--
Sue

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They aren't dictionary references.

So do we over here. We also walk on what we refer to as "sidewalks".

So do we, if we are going fishing in deep water.

Though some are still made of rubber, most erasers over here are now of a different media, at least as far as professionals go.

Nice illustrations.

Likely also where steam is used to turn turbines for electrical power generation.

I don't like hearing about sad news like that.
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@privacy.net says...

Dimbulb can't either.

...and get "knocked up" by the hotel staff in the morning.

This is quite similar to one of the heating plants commonly used in the US, except we don't normally have the "feed tanks", and never in the attic (if that's what the schematic is showing). Instead of the feed tanks the boiler and domestic water are fed from the city water or well (with perhaps a small storage/pressure tank). The boiler has a pressure reducer off the main water supply and usually an expansion tank to take up the slack.
Your diagram shows the option with the heat exchanger and storage tank for domestic water. That's fairly common, but more common is a separate heating coil in the boiler. Separate water heaters are also common, particularly if gas is available. I had the domestic coil because the boiler was converted from oil to natural gas and never got around to changing the hot water supply.

Steam boilers are also used in large commercial/industrial applications and some older homes. They're no longer used much for homes though.

Ouch! There was a steam accident recently in NYC where an underground steam main blew, killing a woman on the street above. High pressure steam can be nasty.
--
Keith

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<SNIP>

something
air
That qualifies also as a furnace here in the USA. What would a domestic force air furnace be called in the UK?
<SNIP>

That was not from the steam, but a hart attack. The injuries to the other victims are quite serious. I think one is still in the hospital. Thought the Tow truck driver and passenger (the tow truck ended at the bottom of the hole) both have been released for a while now.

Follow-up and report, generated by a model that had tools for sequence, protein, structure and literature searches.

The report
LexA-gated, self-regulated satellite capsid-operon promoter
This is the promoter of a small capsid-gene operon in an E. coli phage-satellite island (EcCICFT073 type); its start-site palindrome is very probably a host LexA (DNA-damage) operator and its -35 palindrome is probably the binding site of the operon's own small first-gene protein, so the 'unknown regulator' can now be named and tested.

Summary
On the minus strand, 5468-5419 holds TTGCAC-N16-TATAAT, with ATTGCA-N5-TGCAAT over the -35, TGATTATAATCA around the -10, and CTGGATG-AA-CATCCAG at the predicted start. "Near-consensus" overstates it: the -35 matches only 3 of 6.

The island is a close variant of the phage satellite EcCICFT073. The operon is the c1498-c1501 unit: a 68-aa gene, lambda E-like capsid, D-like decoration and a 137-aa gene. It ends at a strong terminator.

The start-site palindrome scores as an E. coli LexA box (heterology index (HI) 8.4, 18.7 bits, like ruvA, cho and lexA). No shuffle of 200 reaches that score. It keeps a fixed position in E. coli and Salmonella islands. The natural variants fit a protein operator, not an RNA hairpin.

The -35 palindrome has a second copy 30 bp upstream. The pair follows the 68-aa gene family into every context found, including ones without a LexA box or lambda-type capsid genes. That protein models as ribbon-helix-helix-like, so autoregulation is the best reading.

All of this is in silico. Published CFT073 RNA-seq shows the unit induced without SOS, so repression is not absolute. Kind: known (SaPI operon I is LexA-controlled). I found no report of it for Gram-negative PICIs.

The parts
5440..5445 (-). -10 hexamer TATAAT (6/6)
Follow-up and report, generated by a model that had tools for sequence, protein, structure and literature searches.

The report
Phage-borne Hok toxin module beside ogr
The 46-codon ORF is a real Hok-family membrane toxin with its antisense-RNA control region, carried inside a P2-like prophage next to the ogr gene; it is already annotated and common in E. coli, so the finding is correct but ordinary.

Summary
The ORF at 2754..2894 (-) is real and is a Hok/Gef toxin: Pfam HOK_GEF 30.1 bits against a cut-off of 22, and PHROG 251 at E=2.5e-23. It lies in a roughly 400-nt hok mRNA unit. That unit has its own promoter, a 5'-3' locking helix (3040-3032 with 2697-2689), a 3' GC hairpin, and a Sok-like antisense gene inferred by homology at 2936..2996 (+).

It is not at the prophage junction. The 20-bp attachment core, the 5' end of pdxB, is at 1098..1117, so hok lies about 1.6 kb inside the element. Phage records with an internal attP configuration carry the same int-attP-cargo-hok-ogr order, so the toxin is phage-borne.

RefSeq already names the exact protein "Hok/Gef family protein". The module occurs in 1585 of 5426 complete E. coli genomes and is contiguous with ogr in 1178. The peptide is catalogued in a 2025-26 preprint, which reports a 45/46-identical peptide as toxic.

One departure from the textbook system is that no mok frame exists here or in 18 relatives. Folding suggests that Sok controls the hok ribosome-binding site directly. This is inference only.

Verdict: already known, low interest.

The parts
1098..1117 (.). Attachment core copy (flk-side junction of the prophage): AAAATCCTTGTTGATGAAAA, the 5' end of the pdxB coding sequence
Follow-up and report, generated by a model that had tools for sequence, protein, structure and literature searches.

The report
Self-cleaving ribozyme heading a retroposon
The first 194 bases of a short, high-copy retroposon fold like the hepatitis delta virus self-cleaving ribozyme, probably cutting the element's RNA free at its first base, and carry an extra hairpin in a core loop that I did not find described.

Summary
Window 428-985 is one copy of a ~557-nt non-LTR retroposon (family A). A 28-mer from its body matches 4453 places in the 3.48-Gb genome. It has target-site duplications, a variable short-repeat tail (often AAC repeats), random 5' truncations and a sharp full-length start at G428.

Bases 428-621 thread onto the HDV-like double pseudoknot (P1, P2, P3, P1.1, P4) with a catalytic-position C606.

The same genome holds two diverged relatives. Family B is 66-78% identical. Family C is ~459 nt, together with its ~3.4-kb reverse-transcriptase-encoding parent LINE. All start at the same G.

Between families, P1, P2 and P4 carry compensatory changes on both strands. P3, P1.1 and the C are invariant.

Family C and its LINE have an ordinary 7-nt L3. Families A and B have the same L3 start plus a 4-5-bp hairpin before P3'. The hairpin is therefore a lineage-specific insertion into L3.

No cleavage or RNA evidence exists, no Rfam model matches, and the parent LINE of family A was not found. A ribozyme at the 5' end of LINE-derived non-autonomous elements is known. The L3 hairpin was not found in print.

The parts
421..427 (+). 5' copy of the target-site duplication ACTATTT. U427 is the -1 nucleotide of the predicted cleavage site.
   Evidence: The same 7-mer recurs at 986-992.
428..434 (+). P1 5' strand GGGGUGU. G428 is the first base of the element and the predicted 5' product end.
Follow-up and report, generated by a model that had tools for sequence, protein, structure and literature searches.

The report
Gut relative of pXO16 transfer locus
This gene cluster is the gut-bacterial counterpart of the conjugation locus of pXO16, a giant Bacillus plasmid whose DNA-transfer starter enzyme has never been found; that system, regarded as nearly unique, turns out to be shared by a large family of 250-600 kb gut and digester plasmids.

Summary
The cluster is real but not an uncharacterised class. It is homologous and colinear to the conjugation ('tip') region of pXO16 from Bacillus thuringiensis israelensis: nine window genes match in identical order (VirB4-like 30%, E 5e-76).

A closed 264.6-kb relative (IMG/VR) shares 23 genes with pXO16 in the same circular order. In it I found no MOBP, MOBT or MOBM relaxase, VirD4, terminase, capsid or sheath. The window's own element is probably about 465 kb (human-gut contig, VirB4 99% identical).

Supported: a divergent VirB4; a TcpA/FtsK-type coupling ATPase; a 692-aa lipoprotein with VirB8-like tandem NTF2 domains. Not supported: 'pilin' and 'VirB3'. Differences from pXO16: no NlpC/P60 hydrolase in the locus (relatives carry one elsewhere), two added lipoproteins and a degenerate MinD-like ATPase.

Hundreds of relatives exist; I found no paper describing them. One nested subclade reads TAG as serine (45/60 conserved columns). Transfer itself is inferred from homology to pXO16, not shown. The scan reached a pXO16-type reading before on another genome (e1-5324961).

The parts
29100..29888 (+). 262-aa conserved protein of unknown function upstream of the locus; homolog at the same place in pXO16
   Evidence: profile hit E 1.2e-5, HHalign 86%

--
Stephen B.
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On Mon, 12 Nov 2007 03:27:59 GMT, "Stephen B."

The steam rose 65 ft in the air from what I recall hearing.
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@privacy.net says...

What would you call something that heats air to heat a building?

Tell that to Dimbulb.
The boilers I've had heat both domestic and heating water. They've had a separate coil in the boiler for the domestic water, making the boiler more or less a tankless heater. Some use an external storage tank with a heat exchanger and a zone off the heating water to heat domestic water.

If it's used to heat domestic water it's called a "water heater". I've never heard of electricity used in a hydronic heating unit. Perhaps they're not used because the water has to be heated to at least 180F to get any efficiency out of the baseboard radiators.
--
Keith

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It is NOT an adjective when it is used as the moniker for the device.
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snipped-for-privacy@crackasmile.org says...

You're an idiot. It certainly isn't a proper noun.
--
Keith

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The two words together are a MONIKER, and they BOTH form said MONIKER.
Get a clue, idiot.
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snipped-for-privacy@crackasmile.org says...

Wrong again.

After you, AlwaysWrong.
--
Keith

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Maybe, maybe not but they are considerably noiser and bulkier.
--
Stuart Winsor